With the creation of the new Nevill Holt opera, Ross joins the select club of English country house opera founders. The formula is fairly simple: quality opera in a ‘historic’ and ‘intimate’ setting, usually starting around 4pm, with a backdrop of exquisite natural beauty. Guests wear black tie and bring picnics or eat in style in tents or restaurants; and it helps if you can reach the place in not much more than an hour from London (by train at least). At Garsington, opera buffs this week have been enjoying The Magic Flute in the sensational Opera Pavilion amidst the rolling scenery of the Chiltern Hills.
The slightly more progressive Grange Park Opera in Surrey also opened with Figaro back in 1998, and this year’s offerings include Oklahoma! by Rodgers & Hammerstein and a new play about the darkly troubled private life of Maria Callas. The latter is not to be confused with The Grange Festival which is taking place at the Baring family estate of Northington, Hampshire, with the opera venue – nearly demolished after a fire in 1975 – being regarded as one of the best examples of Greek Revival architecture. This year’s Grange Festival – which was only launched last year – includes the Barber of Seville, Candide and Agrippa. The Grange also includes ballet and contemporary dance due to its large stage size.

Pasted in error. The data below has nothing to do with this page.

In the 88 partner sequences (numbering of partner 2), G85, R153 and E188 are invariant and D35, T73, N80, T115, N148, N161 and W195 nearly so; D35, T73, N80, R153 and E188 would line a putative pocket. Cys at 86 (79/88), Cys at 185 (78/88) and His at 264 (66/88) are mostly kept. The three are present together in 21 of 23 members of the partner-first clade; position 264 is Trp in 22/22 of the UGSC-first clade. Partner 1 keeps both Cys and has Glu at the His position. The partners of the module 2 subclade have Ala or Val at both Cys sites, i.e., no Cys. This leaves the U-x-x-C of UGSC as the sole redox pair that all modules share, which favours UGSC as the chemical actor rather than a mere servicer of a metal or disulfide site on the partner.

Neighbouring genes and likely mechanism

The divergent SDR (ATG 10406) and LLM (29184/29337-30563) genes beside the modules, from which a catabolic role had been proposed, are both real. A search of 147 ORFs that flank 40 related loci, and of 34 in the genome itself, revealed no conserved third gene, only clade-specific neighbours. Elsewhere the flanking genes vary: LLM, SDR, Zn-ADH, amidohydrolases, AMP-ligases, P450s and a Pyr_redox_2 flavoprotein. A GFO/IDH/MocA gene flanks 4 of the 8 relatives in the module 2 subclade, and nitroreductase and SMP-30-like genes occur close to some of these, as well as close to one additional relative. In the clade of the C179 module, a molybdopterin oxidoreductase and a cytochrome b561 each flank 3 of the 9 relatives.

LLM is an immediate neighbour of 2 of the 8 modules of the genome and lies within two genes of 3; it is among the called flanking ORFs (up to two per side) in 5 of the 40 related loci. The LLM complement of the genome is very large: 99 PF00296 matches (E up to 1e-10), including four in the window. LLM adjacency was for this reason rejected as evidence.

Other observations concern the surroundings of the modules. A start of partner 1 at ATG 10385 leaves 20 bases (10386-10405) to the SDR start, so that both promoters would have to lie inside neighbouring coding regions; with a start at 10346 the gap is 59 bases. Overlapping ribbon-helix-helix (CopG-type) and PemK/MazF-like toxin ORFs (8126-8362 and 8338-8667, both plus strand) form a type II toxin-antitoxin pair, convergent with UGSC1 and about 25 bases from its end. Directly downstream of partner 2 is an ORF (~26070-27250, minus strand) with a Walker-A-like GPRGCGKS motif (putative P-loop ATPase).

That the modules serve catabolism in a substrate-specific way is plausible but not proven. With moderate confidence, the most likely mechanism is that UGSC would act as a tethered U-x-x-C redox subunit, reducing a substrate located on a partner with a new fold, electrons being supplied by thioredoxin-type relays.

Most country house operas – Nevill Holt included – have evolved from amateur to professional with a number of rebirths or even relocations. After being founded in 1989 by the late Leonard Ingrams and his wife Rosalind at Garsington Manor, near Oxford, Garsington Opera moved to the Wormsley Estate, home of the Getty family, in 2011. As with the selection of the Glyndebourne chorus, Garsington make every effort to select members of their ‘Opera Chorus’ from the cream of young talent graduating from ‘music conservatoires’.